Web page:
Enumeration of selected anaerobic bacterial groups in cecal and colonic contents of growing-finishing pigs.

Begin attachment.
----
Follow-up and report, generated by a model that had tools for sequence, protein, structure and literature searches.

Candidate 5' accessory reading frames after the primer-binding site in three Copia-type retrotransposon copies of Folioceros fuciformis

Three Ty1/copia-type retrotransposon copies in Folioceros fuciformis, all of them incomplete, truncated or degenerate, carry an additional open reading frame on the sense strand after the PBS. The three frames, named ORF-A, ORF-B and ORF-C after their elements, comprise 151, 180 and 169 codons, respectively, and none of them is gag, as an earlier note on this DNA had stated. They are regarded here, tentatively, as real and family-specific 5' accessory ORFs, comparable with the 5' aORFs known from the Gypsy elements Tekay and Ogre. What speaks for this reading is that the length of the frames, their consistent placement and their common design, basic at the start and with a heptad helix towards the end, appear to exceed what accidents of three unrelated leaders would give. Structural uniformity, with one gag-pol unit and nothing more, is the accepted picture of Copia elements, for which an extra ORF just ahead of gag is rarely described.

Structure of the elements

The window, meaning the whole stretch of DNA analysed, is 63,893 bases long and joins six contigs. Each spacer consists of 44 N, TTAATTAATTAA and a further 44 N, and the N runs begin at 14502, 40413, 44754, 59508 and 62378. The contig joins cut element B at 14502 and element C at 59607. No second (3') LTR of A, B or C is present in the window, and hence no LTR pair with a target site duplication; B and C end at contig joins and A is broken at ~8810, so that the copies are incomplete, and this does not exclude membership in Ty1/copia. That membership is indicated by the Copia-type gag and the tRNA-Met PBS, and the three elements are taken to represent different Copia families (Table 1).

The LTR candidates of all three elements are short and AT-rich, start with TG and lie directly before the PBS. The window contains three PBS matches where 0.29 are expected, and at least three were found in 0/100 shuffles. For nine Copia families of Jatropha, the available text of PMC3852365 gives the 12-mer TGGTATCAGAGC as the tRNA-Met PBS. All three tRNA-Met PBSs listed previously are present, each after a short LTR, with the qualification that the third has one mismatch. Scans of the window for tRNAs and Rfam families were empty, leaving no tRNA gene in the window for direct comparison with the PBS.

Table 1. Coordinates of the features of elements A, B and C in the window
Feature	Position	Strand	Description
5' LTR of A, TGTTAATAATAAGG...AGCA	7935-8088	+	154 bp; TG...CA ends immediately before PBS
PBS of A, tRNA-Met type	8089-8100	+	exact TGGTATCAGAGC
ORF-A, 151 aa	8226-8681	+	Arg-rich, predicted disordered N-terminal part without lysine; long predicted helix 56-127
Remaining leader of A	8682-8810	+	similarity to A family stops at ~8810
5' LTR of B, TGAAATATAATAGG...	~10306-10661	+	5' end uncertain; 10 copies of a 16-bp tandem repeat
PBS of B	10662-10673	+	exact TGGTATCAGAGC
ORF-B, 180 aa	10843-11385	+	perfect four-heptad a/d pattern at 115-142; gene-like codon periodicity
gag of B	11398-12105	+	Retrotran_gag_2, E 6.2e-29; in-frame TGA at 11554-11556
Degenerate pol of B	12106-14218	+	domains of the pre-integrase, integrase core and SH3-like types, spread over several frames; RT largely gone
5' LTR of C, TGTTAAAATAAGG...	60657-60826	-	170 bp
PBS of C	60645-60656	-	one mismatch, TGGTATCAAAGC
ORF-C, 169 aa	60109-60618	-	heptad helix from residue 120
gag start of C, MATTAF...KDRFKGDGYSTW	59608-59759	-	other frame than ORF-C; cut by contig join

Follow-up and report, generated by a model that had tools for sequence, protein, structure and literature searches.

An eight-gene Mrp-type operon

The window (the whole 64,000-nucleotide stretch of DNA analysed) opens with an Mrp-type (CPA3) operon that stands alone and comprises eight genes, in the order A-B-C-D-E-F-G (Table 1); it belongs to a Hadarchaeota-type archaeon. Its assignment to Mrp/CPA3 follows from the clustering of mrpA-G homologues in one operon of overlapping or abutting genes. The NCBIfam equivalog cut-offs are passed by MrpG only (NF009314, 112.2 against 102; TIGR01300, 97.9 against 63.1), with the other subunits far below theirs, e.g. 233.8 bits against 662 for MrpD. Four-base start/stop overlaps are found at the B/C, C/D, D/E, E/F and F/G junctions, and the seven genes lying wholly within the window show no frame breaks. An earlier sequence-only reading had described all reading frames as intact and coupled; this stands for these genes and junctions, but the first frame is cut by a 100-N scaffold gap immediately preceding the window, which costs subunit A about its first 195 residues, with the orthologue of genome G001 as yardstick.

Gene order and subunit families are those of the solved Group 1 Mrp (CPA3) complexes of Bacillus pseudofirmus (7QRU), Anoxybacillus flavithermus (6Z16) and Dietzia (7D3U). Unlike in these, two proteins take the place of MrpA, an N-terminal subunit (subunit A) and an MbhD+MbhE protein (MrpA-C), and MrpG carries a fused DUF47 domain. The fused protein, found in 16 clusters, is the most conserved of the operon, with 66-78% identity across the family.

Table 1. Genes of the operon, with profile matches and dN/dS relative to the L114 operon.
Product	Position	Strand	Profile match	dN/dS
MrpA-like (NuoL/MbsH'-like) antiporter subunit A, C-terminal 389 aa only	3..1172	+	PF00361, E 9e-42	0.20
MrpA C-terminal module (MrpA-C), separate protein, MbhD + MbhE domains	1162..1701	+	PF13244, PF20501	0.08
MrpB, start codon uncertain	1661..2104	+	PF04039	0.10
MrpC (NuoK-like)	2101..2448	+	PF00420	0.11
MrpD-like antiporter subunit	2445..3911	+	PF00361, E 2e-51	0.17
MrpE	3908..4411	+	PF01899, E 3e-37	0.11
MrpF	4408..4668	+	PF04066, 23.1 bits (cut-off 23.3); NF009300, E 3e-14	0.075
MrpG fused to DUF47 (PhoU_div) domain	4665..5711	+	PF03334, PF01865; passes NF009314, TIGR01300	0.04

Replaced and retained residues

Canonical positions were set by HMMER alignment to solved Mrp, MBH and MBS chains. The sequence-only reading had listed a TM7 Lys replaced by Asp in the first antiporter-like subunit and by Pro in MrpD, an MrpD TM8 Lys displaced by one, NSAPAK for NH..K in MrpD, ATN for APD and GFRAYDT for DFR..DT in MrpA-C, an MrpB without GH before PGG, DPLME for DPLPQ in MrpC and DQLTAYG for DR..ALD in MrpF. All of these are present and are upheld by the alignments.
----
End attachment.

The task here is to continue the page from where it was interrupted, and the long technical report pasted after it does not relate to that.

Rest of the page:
Selected anaerobic bacterial groups in cecal and colonic contents of clinically healthy pigs fed a corn-soybean meal production diet were determined at sacrifice after 4, 8, and 11 weeks on feed, corresponding to intervals within the growing-finishing growth period. By using ruminal fluid-based media, the densities of the culturable anaerobic population; the cellulolytic, pectin-fermenting, pectin-hydrolyzing, xylan-fermenting; and the xylan-hydrolyzing, sulfate-reducing, and methanogenic bacterial populations were estimated. An analysis of variance was performed on these bacterial group variables to examine the effects of phase (weeks on feed), site (cecum or colon), or the interaction of phase with site. The population of total anaerobic bacteria was twice as dense in the colon as it was in the cecum (2 x 10(10) versus 1 x 10(10)/g [wet weight]; P = 0.001). The proportion of cellulolytic bacteria was lower at 4 weeks on feed than at 8 or 11 weeks (23 versus 32%; P = 0.026), while the proportion of pectin-fermenting bacteria depended on the interaction of phase with site (P = 0.021). The numbers of sulfate-reducing bacteria were significantly higher in the colon than in the cecum (6 x 10(7) versus 3 x 10(7); P = 0.014), as were methanogenic bacteria (19 x 10(7) versus 0.6 x 10(7); P = 0.0002). The remaining bacterial groups were stable with respect to phase and site. The results suggest that except for density differences, the microbial communities of the pig cecum and colon are similar in composition throughout the growing-finishing phase.

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